Synopses & Reviews
At the end of what is (she cannot help observing) an extraordinary life, Elisabeth Rother has decided to write her memoirs. She brushes aside her narrow escape with her Jewish husband from the Nazis, and the perilous voyage to the New World of New Jersey. The subject that really consumes her is the waywardness of her impossible daughter, Renate, and her granddaughter, Irene. Renate performs autopsies on the bodies of politicians whom death has harvested in the nighttime arms of their mistresses. Worse, she sleeps on unironed sheets. Irene drops out of school to roam the world, refuses to correct her nose with plastic surgery, and shows alarming signs of enjoying sex. What is to be done with such women?
A curiously touching love letter to the difficult but sustaining love of mothers and daughters, The Empress of Weehawken is a masterpiece of comedy with an unexpected lilt of redemption at its close.
"Frau Professor Doktor Rother is stubborn, hypochondriacal, devoid of the slightest sentimentality. . . . She is also, by the way, frighteningly funny. . . . I couldn't get enough of her life story--Irene Dische made me laugh at the shock of it all."--Glen David Gold, author of Carter Beats the Devil
"An adrenaline-shot of a novel . . . The Empress of Weehawken is sharp as razors on the gradual entrapment of Jews in Germany. It's a classic immigration tale about a family's 'precarious union with America.'"--Michael Upchurch, The Seattle Times
"This book does a number of things beautifully, even brilliantly. . . . The real grandeur of The Empress of Weehawken, however, lies in the narrator's voice. . . . Frau Rother is drawn as accurately as the slice of a surgeon's scalpel."--Amy Wilentz, Los Angeles Times
"The voice of the reprobate-empress here is pitch-perfect. Dische has captured this fictionalized grandmother . . . with pepper and grace."--Gail Caldwell, The Boston Globe
At the end of what is (she cannot help observing) an extraordinary life, Elisabeth Rother has decided to write her memoirs. She recounts her narrow escape with her Jewish husband from the Nazis, and the perilous voyage to the New World of New Jersey, but those, for her, are mere facts of life. For Elisabeth, bighearted and obstinate, the most bothersome and consuming subjects are the unconventional paths and waywardness of her daughter, Renate, and her granddaughter, Irene.
The Empress of Weehawken is a curiously touching love letter to the difficult but sustaining love of mothers and daughters. Written in the voice of the author's very real grandmother, it is "superb . . . razor-sharp, desert-dry, and luxuriantly ironic" (The San Diego Union-Tribune).
About the Author
Irene Dische is a novelist and journalist whose work has appeared in The New Yorker. Her books, published in twenty-two countries, have included international bestsellers. She divides her time between Berlin and Rhinebeck, NY.
Reading Group Guide
1. How were you affected by the fact that the author and Elisabeths granddaughter have the same name? How is the experience of reading a novel different from reading a memoir?
2. What are the merits of Elisabeths criteria for choosing a spouse? What was the key to her enduring marriage to Carl?
3. Did Carls family have anything other than nationality in common with Elisabeths? Why was Carl unenthusiastic about his relatives and their Jewish cultural identity?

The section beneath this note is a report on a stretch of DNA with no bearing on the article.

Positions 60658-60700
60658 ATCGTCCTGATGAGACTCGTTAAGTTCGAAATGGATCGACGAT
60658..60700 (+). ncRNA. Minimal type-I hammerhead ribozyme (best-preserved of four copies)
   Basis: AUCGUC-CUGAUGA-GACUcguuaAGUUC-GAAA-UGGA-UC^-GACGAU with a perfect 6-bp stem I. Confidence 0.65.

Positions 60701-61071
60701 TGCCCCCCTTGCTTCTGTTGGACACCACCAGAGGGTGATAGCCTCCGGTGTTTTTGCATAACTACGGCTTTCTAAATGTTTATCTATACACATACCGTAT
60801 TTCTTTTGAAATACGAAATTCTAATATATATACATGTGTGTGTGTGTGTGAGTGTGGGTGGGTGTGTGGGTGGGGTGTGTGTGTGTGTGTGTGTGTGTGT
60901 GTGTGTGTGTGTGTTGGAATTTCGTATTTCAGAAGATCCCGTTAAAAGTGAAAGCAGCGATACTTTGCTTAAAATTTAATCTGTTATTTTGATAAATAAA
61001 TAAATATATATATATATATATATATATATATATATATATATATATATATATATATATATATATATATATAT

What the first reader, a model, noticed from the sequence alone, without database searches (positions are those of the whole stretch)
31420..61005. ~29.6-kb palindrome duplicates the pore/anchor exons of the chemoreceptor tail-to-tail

4. What ultimately led to the Rothers survival under Hitler? How did their situation differ from those in other Holocaust narratives you have read? How would you have resplved Elisabeth and Carls dilemma over whether to flee?
5. How would you describe Elisabeths unique storytelling voice? How does she manage to be both irresistible and outrageous? Who is the "keeper of the saga" in your family?
6. What are the traits of Elisabeths version of Catholicism? How does the hierarchy of sins help her negotiate life? What does she fear? How does she determine whether others are worthy?
7. Discuss the parenting styles described in The Empress of Weehawken. How did Liesel and her niece exert control over the children in their care (and over the parents)? How does Elisabeths mothering compare to Renates? Was it nature or nurture that caused Irene and Little Carl to make unconventional, sometimes self-defeating, choices?
8. Has the idea of an American identity changed very much since the time Elisabeht and Renate finally reunited with Carl? What aspects of American life characterized the mid- twentieth century but have now vanished? What did the Rothers love and dislike about their American and German homelands?
9. Discuss the various husbands described in The Empress of Weehawken. Who did you see as the ideal men? What did Renate seem to need in a man? How do her husbands compare to her father?
10. The novel opens with Carls determination to have a son and closes with the line "nothing beats a daughter." How do the novels female characters learn how to define themselves as women? What were the expectations for each generation in areas such as sex, marriage, careers, grooming, and housekeeping? How do their attitudes compare to the ones in your family history?
11. How do Elisabeth and Renate approach the cycles of life? Was Elisabeth ever rebellious in her youth? How do their attitudes change when they become widows?
12. Elisabeth often tells moments when "the bill came," and God delivered retribution. How does this point of view shape her decisions? Does Irene prove or disprove Elisabeths ideas about the rewards systems lurking in our destinies?
13. How do the novels characters feel about money? What does stinginess or extravagance indicate about their personalities? Who are the novels most prosperous characters, in literal or symbolic ways?
14. To what do you attribute Elisabeths longevity? What legacy has she left when she narrates her final, joyful scene?